Bullous pemphigoid is a blistering skin disease which usually affects middle aged or elderly persons. It is an immunobullous disease, i.e. the blisters are due an immune reaction within the skin.
What does bullous pemphigoid look like?
Bullous pemphigoid results in crops of tense, fluid-filled, itchy blisters. The blisters may be filled with clear, cloudy or blood-stained fluid. They may arise from normal-looking or inflamed skin.
A nonspecific red, itchy rash may be present for several weeks or months before blisters appear. The rash may be thought to be due to dermatitis or urticaria. The early plaques may resolve temporarily or persist, with or without treatment. They may have a smooth or dry surface and are often ring-shaped (annular).
Bullous pemphigoid may be localized to one area, or widespread on the trunk and proximal limbs. Frequently it affects the skin around skin folds. In severe cases, there may be blisters over the entire skin surface as well as blisters inside the mouth.
How is the diagnosis made?
A dermatologist can often make the diagnosis by examining the skin carefully. In most cases the diagnosis will be confirmed by a skin biopsy of a typical blister. Under the microscope, the pathologist can see a split between the outside layer of the skin, the epidermis, and the inside layer, the dermis. Direct immunofluorescence staining highlights antibodies along the basement membrane that lies between the epidermis and dermis.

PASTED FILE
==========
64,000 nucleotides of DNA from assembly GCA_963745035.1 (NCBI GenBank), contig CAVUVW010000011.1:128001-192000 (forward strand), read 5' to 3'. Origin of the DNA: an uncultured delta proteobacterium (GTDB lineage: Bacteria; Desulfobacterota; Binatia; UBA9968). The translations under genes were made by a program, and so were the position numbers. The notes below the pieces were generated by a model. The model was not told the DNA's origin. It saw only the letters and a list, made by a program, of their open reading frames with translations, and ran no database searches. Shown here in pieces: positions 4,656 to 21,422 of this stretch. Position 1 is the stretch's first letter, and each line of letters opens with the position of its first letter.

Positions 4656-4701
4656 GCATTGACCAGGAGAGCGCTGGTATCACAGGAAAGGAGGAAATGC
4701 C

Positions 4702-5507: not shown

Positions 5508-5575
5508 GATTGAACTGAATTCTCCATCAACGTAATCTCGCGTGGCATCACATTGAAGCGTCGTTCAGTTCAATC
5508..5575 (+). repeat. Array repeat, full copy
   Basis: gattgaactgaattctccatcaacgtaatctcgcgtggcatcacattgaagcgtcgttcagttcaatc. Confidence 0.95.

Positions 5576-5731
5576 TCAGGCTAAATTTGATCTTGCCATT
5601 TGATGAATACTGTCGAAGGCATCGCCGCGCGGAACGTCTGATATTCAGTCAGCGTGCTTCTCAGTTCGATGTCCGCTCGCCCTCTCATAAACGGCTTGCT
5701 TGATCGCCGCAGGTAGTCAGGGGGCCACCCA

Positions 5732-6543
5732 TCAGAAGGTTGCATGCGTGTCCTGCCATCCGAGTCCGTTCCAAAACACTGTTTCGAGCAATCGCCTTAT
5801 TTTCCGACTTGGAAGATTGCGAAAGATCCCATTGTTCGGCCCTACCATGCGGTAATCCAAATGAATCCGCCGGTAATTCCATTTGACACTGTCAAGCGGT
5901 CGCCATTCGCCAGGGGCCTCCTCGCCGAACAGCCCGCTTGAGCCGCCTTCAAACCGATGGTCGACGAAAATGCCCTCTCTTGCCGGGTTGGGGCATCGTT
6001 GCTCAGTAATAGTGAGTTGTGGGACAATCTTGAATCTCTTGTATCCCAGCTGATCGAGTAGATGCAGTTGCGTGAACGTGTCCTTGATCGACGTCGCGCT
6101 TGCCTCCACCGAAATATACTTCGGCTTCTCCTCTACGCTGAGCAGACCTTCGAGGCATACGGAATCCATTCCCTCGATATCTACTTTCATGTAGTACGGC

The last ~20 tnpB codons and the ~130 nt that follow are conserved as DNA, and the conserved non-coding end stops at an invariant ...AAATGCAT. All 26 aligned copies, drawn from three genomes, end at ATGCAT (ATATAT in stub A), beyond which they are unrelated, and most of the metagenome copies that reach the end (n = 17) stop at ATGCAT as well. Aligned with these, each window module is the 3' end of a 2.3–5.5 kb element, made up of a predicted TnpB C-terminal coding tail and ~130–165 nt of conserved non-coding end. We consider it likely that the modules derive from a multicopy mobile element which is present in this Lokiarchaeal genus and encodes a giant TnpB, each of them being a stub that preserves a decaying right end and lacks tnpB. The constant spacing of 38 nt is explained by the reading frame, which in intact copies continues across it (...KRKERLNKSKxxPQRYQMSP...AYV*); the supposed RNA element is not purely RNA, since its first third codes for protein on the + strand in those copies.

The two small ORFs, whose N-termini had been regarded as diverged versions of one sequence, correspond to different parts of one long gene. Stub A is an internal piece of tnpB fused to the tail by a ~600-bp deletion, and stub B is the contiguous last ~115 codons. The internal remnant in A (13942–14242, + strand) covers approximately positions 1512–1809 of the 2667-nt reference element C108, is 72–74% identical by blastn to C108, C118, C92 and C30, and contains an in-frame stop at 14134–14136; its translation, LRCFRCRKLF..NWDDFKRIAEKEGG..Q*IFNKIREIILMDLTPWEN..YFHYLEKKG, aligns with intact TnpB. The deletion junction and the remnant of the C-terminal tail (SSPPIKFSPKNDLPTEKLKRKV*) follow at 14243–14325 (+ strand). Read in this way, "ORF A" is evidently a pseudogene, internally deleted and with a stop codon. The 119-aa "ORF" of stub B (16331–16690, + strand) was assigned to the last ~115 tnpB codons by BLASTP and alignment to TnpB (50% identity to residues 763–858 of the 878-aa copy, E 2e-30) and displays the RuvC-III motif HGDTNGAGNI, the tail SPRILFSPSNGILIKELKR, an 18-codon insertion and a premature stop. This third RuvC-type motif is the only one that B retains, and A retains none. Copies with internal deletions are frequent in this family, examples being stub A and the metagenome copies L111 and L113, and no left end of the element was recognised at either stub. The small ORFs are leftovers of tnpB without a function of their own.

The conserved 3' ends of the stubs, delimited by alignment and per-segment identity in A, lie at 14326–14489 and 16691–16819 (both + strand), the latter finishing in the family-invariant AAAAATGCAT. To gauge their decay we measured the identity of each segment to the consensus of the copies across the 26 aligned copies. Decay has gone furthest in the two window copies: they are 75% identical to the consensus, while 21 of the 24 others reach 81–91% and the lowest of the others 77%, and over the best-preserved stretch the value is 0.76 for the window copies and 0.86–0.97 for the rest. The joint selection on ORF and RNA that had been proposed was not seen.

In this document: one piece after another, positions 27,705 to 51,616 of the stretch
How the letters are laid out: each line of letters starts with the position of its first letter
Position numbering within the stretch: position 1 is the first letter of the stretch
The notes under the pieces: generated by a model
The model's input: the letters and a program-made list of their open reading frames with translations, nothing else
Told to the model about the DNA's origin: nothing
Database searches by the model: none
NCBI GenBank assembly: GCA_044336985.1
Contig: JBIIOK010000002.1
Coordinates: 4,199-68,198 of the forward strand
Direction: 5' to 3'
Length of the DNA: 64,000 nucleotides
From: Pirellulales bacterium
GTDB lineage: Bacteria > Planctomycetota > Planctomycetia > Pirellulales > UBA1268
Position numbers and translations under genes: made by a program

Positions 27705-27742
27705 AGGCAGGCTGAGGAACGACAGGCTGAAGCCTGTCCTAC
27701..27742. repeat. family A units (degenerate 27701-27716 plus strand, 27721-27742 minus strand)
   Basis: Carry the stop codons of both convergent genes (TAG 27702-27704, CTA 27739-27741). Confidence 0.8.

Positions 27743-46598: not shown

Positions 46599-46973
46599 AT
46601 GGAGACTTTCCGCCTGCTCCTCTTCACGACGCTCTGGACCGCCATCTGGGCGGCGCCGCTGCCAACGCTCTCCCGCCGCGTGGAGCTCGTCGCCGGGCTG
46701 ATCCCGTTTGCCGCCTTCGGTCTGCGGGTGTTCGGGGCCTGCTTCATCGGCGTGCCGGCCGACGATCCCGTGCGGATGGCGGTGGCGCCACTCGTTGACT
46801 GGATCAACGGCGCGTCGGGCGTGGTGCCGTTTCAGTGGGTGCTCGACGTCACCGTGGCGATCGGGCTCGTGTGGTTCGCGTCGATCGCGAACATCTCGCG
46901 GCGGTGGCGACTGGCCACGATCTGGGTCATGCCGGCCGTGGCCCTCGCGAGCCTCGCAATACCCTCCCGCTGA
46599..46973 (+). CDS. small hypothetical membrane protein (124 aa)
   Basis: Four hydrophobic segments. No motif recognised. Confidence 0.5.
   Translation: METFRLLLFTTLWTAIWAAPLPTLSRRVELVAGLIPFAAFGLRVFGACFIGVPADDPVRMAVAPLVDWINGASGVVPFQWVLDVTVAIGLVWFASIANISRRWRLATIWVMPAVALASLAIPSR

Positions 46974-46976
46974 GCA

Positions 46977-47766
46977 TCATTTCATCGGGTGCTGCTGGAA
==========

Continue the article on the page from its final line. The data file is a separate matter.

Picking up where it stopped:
What causes bullous pemphigoid?
Bullous pemphigoid is thought to occur because IgG immunoglobulins (antibodies) and activated T lymphocytes (white blood cells) attack components of the basement membrane, particularly a protein known as the BP antigen BP180, or less frequently BP230. These proteins are within the NC16A domain of collagen XVII. BP180 is also called Type XVII collagen. These are associated with the hemidesmosomes, structures that ensure the epidermal keratinocyte cells stick to the dermis to make a waterproof seal. The ‘autoimmune’ reaction to these proteins can be thought of as a type of allergy to one's own skin.